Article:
Title

Risk factors for percutaneous left ventricular assist device explant complications.

Document Type

Article

Publication Date

11-15-2022

Publication Title

Catheterization and cardiovascular interventions

Abstract

INTRODUCTION: Percutaneous left ventricular assist device (pLVAD) explant remains nonstandardized with potential complications of bleeding and thrombosis. Explant settings include percutaneous techniques in the catheterization laboratory (CL), manually at bedside (MB), and surgically in the operating room (OR).

OBJECTIVE: Identify high-risk features for explant-related complications, including indication for support, setting, and technique.

METHODS: Postexplant bleeding and thrombosis/limb ischemia were identified following pLVAD removals over 2 years at a multicenter healthcare system.

RESULTS: Of 156 patients, bleeding (n = 26 [17%]) and thrombosis (n = 9 [6%]) occurred more often in patients with the peripheral arterial disease (PAD), female gender, anemia, and cardiogenic shock. OR explants had a higher combined endpoint (4/8 [50%]) versus CL (23/133 [17%], p < 0.05) driven by transfusion. There was no difference between OR versus MB (5/15 [33%], p = 0.66) or CL versus MB (p = 0.62). In shock patients, there was no difference between CL (7/30 [23%]) versus MB (5/15 [33%], p = 0.5) and OR (4/7 [57%], p = 0.16); or MB versus OR (p = 0.38). Average length of stay was significantly lower in the CL group versus MB and OR (3.6 ± 33.2 vs. 18.4 ± 10.9 vs. 28.1 ± 15.8 days, p < 0.0001). Preclosure in shock patients (5/25 [20%] vs. 11/27 [41%], p = 0.1383) and crossover balloon occlusion technique (9/44 [16%] vs. 25/112 [22%]; p = 1) were not associated with higher combined endpoints versus control.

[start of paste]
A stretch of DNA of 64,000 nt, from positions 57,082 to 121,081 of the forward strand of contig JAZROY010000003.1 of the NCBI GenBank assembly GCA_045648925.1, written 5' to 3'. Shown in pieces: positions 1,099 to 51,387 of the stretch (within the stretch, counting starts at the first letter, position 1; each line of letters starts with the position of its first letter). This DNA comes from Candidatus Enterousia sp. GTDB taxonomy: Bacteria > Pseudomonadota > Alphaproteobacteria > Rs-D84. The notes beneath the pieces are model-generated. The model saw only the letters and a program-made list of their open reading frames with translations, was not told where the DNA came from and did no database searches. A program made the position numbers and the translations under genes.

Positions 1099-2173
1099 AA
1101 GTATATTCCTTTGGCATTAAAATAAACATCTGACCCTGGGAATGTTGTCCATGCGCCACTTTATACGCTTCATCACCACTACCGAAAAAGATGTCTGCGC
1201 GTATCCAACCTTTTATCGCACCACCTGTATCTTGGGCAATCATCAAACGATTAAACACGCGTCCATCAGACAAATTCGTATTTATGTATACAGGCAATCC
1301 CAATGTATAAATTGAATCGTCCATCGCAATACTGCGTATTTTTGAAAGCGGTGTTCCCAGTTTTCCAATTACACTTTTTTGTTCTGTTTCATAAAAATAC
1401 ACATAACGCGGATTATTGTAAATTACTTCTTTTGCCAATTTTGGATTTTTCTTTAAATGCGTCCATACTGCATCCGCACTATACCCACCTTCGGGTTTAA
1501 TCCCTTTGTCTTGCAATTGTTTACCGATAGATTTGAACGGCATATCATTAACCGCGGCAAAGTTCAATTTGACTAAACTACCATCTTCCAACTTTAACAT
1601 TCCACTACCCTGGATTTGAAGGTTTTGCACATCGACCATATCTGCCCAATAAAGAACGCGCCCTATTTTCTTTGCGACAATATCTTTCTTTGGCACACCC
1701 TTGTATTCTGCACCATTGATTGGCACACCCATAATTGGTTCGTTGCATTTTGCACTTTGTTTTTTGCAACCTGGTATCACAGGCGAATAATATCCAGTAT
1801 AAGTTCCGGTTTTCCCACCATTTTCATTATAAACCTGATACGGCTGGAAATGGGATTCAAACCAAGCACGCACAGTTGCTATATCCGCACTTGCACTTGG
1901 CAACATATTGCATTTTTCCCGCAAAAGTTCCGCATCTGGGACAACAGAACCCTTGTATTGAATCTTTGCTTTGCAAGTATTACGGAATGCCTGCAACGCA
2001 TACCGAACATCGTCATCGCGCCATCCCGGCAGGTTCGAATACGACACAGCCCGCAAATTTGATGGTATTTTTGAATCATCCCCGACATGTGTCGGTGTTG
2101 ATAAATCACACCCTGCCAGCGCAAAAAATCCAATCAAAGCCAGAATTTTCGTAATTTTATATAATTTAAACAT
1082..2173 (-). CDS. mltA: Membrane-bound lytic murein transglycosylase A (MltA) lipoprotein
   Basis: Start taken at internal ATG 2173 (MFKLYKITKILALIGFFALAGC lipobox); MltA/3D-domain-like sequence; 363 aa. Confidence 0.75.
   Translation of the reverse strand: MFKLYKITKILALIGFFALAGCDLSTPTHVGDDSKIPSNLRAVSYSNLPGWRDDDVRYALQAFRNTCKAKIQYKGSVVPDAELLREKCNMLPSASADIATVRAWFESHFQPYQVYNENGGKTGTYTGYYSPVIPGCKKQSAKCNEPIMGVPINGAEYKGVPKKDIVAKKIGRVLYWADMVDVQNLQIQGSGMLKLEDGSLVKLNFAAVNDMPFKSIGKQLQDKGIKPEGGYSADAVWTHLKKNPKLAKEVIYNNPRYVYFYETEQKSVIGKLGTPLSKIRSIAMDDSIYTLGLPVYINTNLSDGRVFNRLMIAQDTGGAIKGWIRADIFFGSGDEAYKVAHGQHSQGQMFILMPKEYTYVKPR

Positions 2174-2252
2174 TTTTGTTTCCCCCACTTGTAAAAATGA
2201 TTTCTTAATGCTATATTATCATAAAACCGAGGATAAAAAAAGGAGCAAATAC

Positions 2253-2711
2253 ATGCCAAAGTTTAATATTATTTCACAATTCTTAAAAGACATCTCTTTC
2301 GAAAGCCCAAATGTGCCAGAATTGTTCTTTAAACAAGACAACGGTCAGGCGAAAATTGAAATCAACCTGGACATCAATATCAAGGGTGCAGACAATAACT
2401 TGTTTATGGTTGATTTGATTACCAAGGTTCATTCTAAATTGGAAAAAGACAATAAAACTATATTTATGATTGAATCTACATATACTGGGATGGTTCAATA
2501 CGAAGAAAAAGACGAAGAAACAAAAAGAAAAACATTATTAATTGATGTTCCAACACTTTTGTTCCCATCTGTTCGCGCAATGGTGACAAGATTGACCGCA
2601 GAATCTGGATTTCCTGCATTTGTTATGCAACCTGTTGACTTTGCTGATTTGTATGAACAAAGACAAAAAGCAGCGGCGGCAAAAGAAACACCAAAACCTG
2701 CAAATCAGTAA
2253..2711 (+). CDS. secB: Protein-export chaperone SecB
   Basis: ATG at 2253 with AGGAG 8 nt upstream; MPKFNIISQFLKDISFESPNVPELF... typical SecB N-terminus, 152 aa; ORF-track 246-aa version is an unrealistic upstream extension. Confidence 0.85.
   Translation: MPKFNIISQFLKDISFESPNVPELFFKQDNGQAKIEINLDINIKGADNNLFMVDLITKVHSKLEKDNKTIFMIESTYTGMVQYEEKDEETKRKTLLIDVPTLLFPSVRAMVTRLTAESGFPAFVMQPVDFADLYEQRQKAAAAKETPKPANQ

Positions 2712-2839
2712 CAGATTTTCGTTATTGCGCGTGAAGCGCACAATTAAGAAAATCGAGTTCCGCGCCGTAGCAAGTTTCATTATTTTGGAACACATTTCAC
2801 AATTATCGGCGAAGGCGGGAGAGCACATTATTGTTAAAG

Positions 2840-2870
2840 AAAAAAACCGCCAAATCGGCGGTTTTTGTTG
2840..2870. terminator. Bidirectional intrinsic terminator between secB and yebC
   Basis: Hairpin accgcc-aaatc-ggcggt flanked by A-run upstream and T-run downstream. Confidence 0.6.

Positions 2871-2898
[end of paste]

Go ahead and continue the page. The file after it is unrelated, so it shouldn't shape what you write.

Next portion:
CONCLUSION: Risk factors for pLVAD explant complications include PAD, female gender, and cardiogenic shock. There was no difference in complication rates between explant settings among cardiogenic shock patients, but shorter length of stay when performed in the CL. There was no difference in complication rates when using the crossover balloon occlusion technique.

Volume

Online ahead of print

DOI

doi: 10.1002/ccd.30485

ISSN

1522-726X

PubMed ID

36378715

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